Nearly 100,000 public and private school employees could be vaccinated against COVID-19 within the next two weeks, according to details about a new vaccination initiative the Wolf administration made public Thursday.
Mass vaccination clinics dedicated solely to Pennsylvania’s school employees should be fully operational starting March 10, with many on track to administer 500 to 1,000 vaccines each day, Randy Padfield, director of the Pennsylvania Emergency Management Agency, said Thursday.
Those sites will be stocked with 94,600 vials of the single-dose Johnson & Johnson vaccine. Officials hope the entire supply will be exhausted within 10 days once clinics start administering shots.
Since the Johnson & Johnson vaccine takes two weeks to offer patients full immunity, the 94,000 school employees who receive doses should reap robust protection against COVID-19 by the end of March. Here’s what we know so far about the state’s plans to get doses into the arms of educators.
Anyone who works at a public or private school in Pennsylvania will be able to get a vaccine under the Wolf administration’s new school vaccination initiative. But some will have to wait until later this month.
The state is giving early priority to teachers who work with pre-k and elementary students, as well as English language learners and students with disabilities. Wolf said Wednesday that these students have been the most vulnerable to learning losses during school shutdowns and deserved priority to return to classrooms.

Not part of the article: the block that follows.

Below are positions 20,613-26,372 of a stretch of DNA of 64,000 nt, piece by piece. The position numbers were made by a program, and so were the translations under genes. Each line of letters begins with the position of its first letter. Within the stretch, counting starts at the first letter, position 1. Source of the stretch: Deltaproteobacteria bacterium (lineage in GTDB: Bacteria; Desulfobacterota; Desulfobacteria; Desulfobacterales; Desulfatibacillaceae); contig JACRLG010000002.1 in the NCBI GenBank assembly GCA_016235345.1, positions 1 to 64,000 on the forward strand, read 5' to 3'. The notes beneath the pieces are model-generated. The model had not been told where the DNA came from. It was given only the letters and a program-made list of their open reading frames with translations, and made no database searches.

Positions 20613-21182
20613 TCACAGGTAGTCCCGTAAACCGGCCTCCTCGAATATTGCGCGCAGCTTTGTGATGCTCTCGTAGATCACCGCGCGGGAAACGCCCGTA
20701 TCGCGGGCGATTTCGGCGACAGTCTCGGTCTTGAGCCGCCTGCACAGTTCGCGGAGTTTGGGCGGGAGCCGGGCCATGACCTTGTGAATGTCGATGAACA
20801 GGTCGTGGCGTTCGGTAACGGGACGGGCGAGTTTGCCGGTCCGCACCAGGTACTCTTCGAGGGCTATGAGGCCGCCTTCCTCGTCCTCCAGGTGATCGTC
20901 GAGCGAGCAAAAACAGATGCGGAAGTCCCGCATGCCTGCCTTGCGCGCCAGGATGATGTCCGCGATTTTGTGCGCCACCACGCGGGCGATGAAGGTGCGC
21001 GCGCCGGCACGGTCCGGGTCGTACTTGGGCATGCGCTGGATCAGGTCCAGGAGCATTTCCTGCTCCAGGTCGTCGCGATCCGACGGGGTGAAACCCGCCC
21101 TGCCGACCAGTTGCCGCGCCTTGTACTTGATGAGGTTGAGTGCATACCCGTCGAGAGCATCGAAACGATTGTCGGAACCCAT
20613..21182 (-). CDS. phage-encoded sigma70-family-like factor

State officials added Thursday that the first priority group will also include bus drivers, school support staff and other employees who have direct contact with children.
Once every willing worker in the first priority group has gotten a vaccine, the state will open enrollment to teachers working with older students.
Vaccinations will be elective, and no school employee will be required to get one, Acting Health Secretary Alison Beam said Thursday.
How do I sign up?
Educators and other school staff should soon receive more details from their employers about signing up for vaccines, Beam said.
Padfield said that Intermediate Units – regional educational agencies that provide IT support and other services to public schools – will handle scheduling for public and private schools in their jurisdiction.
IUs will provide each school with a list of appointments available to their employees, which staff will claim using an online registration tool.
The state will divvy up vaccine doses according to the number of eligible school employees in each IU region. But Beam said officials are also trying to determine how many employees have already been vaccinated, so they can take those figures into account when allocating doses.
Will I have to travel far?
Most of the vaccine clinics will take place at Intermediate Units, Padfield said. But the state is also rolling out satellite locations and mobile clinics to serve teachers whose intermediate units cover wide geographic areas.
“This is all being done to bring the vaccine to the individuals and make it as convenient as possible for them to get vaccinated,” Padfield said.
What about child care workers?
People who work in day care centers and other child care facilities are also getting early access to Johnson & Johnson vaccines. These 30,000 doses will come from a separate vaccine supply stream being distributed through a federal partnership with Rite Aid, Topco and Walmart pharmacies.